This is a Japanese import which intrigued me but when I first saw the “cast of characters” in the Kindle edition I got nervous. I’m listening and those kinds of names are quite difficult for me to distinguish. Fortunately, I was able to access the list in the Kindle sample as well as on the Amazon site via the “Look Inside” feature.
The Silent Dead
by Tetsuya Honda
2016 / 304 pages
read by Emily Woo Zeller 9h 35m
Rating: C+ / crime
I read it for the 4-MA group (4 Mystery Addicts) and I really tried to like it. The first half or so was very nice but then it got too gritty for my tastes and although that isn’t always a breaker, there was not a lot else to improve the rating. I enjoyed the characters and the interaction of a procedural.
The Prologue has a teenage girl killing her seriously abusive parents. This girl grows up and we get her thoughts throughout the novel but with audio only it’s hard to distinguish who is sharing these thoughts. I was confused for a long time.
In part 1, Reiko Himekawa, the main character of the series, is a fairly young unmarried woman and a Lieutenant and squad leader with the Tokyo Metropolitan Police Department. But this is what she has wanted to do ever since she … well … that would be a spoiler.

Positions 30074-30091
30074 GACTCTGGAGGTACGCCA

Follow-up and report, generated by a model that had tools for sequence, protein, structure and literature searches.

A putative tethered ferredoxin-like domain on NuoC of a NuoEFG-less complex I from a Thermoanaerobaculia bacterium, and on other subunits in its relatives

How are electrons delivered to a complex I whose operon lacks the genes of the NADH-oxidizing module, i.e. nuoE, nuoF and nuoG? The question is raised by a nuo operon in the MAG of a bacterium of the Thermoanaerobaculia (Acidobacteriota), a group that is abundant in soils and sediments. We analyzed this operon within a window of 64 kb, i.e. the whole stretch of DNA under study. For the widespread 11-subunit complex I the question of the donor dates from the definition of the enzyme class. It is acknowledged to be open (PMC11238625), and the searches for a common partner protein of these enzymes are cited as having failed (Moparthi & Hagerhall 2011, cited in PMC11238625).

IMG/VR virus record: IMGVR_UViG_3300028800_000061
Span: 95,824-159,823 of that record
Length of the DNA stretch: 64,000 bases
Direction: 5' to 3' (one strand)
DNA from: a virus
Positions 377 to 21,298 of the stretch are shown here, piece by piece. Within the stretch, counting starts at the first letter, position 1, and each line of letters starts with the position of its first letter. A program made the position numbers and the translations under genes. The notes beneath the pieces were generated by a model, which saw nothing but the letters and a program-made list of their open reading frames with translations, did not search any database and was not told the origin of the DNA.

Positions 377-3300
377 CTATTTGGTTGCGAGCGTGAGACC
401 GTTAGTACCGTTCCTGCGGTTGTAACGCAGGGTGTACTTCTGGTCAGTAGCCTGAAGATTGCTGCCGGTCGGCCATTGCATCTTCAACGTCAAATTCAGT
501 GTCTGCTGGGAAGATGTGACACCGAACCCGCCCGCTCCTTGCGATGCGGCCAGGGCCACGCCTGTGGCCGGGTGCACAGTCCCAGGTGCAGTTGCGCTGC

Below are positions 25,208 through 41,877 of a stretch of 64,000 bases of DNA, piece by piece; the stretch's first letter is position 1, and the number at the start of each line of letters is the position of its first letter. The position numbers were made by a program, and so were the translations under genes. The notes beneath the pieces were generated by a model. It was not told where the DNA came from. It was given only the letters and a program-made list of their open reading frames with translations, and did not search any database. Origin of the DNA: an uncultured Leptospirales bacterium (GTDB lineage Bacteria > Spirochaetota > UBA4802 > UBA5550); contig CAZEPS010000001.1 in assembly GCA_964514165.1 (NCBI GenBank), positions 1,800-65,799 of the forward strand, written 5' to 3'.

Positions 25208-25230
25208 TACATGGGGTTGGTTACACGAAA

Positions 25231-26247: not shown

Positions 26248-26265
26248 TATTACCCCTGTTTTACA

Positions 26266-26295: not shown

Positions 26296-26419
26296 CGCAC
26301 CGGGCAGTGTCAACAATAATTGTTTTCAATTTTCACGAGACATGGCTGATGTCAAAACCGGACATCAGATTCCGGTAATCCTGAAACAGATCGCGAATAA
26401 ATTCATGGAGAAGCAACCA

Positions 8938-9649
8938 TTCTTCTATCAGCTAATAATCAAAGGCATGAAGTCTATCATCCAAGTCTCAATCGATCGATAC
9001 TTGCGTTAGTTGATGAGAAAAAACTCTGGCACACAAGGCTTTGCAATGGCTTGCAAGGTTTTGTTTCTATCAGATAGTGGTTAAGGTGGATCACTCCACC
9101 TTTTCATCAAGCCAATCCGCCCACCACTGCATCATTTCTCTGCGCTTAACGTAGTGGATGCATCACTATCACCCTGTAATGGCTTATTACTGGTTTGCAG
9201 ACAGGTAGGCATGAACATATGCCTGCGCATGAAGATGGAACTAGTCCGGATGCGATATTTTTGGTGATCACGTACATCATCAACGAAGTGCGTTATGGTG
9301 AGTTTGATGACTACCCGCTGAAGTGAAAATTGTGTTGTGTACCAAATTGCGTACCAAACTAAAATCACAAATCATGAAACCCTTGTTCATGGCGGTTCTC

The first few chapters after the Prologue were a bit off-putting with Reiko having to fend off male police officers, but that let up. She can be very sharp-tongued. She’s pretty tough and a bit egotistical as well – fights her superiors and does things her own way. Her own squad is very loyal to her but there are others on the force who resent her.
We are usually seeing things from Reiko’s point of view but for awhile starting in Part 2 we get to visit inside Kesaku Katsumata’s head – this is definitely not a good place – ugly guy and not the villain. The transitions from thought to speech are well done – I believe these comments are italicized in the book – hard to distinguish if the character thinking said them or not.
Although I can see where this will make a good series, Reiko is definitely an interesting protagonist, I doubt if I’ll return for the second in the series.
** Strawberry Night, mentioned in the book, is from a book by that name by Tetsuya Honda and the movie was released in Japan in January 2017.